But while Trump is more friendly to Saudi Arabia than his predecessor, Congress is not.  Case in point, when the last Saudi arms deal was approved last year in the Senate , over 70 Senators voted yes.  Less than a week ago, 20 Senators switched sides and the chamber only approved a modest half billion dollar deal to the Saudis by a 53-47 margin.

Saudi Arabia is not doing itself any PR favors in the US by continuing the war in Yemen.  By contrast, Qatar has very publicly withdrawn from Yemen and recently inked a deal for 36 F-35 fighter jets from the Pentagon.

In a likely bid to promote unity in the region the administration has backed Saudi Arabia.  But, at the same time, Trump’s national security team is trying to keep their base in Qatar open and preserve existing air access agreements that are allowing them to bomb ISIS strongholds in Iraq and Syria.

Nobody is perfect in this scenario.  Saudi Arabia supports secretarian and extremist groups when it suits their interests.  So does Iran.  So does Qatar.  But this puts the US in an extremely untenable position.

The US has been allied with Saudi Arabia since 1945, an alliance with origins in preventing Nazi and then Communist expansion into the region.  The alliance has allowed the US to confront many issues from Communist expansion to Saddam Hussein to Al-Qaeda.  The US cannot throw away such an alliance.

Nor can it ignore the mistakes the Saudis are making or the strategic disadvantage it would find itself in if Qatar closes down the US base in the nation.  Mideast peace is a pipe dream if we cannot even maintain a solid presence in the region.

Things may get worse before they get better.  The Middle East has always been a mess but Saudi bullying and incompetence combined with Qatari game-playing and Iranian meddling has made this situation potentially explosive.  Right now, closing borders and fighting proxy wars in other counties is as far as the scenario has gone.  But that could change if Saudi Arabia feels it needs to use its military and believes it can rope the US into the conflict.  In such a scenario, all parties involved lose!

 

What Virginia Should Tell The GOP

All the excitement was supposed to be on the Democratic side.  But, as seems to be becoming increasingly common, the conventional wisdom is wrong.  For all the talk of a competitive Democratic primary, Ralph Northam coalesced the party around his more moderate progressive leadership as opposed to Tom Perrellio’s more ardent Sanders like rhetoric.

The excitement was all on the GOP side.  Former Congressman and RNC Chair Ed Gillespie, should have cruised to victory.  Instead, he barely managed to win by 4,000 votes against a little known Prince William County Supervisor, Corey Stewart.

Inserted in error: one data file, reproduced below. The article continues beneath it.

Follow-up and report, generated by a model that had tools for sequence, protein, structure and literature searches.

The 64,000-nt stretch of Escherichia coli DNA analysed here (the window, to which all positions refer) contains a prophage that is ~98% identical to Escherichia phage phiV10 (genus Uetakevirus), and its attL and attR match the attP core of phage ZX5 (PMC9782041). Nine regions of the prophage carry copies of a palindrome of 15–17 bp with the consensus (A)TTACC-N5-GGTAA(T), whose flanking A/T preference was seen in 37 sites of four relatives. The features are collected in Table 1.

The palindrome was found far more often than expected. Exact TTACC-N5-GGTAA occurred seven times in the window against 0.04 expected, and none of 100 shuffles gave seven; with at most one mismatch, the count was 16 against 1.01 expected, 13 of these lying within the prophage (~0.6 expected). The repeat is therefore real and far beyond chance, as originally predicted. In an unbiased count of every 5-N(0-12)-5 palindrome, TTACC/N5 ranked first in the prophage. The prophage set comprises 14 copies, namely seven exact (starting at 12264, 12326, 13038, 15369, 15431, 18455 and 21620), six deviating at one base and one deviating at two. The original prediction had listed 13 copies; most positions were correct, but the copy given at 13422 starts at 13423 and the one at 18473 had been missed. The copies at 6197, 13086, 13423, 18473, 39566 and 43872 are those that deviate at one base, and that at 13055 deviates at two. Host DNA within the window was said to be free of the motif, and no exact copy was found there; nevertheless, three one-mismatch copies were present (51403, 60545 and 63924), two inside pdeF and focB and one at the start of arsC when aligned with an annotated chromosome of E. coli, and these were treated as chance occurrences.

Such a result is an ominous sign for the GOP.  The national political mood clearly favors Democrats and while I have been skeptical of Democrats taking the House in 2018 (I still am) this seems to indicate statewide Republicans might have a tougher task in even red and definitely purple states.  I say this because if a moderate candidate like Gillespie cannot draw in rural, Trump supporting voters in a purple state it means the GOP base is deeply divided.

Gillespie’s strength in the NoVA suburbs should make moderate, suburban Republican members of Congress happy.  It means they have a shot to run decently if they can thread the needle between distancing themselves from Trump, focusing on local issues and hitting on standard, GOP issues.

But, it should also tell rural and downscale suburb representing Republicans running away from Trump is not a great idea.  Gillespie’s little known challenger, Corey Stewart, was a former Trump surrogate in Virginia, and he staked his campaign on backing Trump.  Apparently, it almost paid off.

It is entirely possible we are reading to much into this.  Rural voters could simply have been put off by Gillespie’s insider history and will rally around him in November after registering their displeasure in the primary.  But, then again, the fact a giant favorite like Gillespie struggled so much against an underwhelming opponent might indicate primary challengers are waiting right around the corner for many in Congress if they cannot make both sides of the party happy.

Also, Democratic turnout easily surpassed the GOP’s.  Most analysts will probably say this indicates a problem for the GOP.  But, the GOP race always looked noncompetitive and the Democratic primary appeared far more exciting so it is hard to tell how much this played in the turnout game.  Keep in mind Virginia is a blue trending state so it is not like special elections in red states.  Democrats now actually have a deeper base to draw from in the state further exacerbating the turnout gap.

The real news was the closer than expected GOP primary and what it hints at for the GOP going forward into GA-6 next week and the elections next November!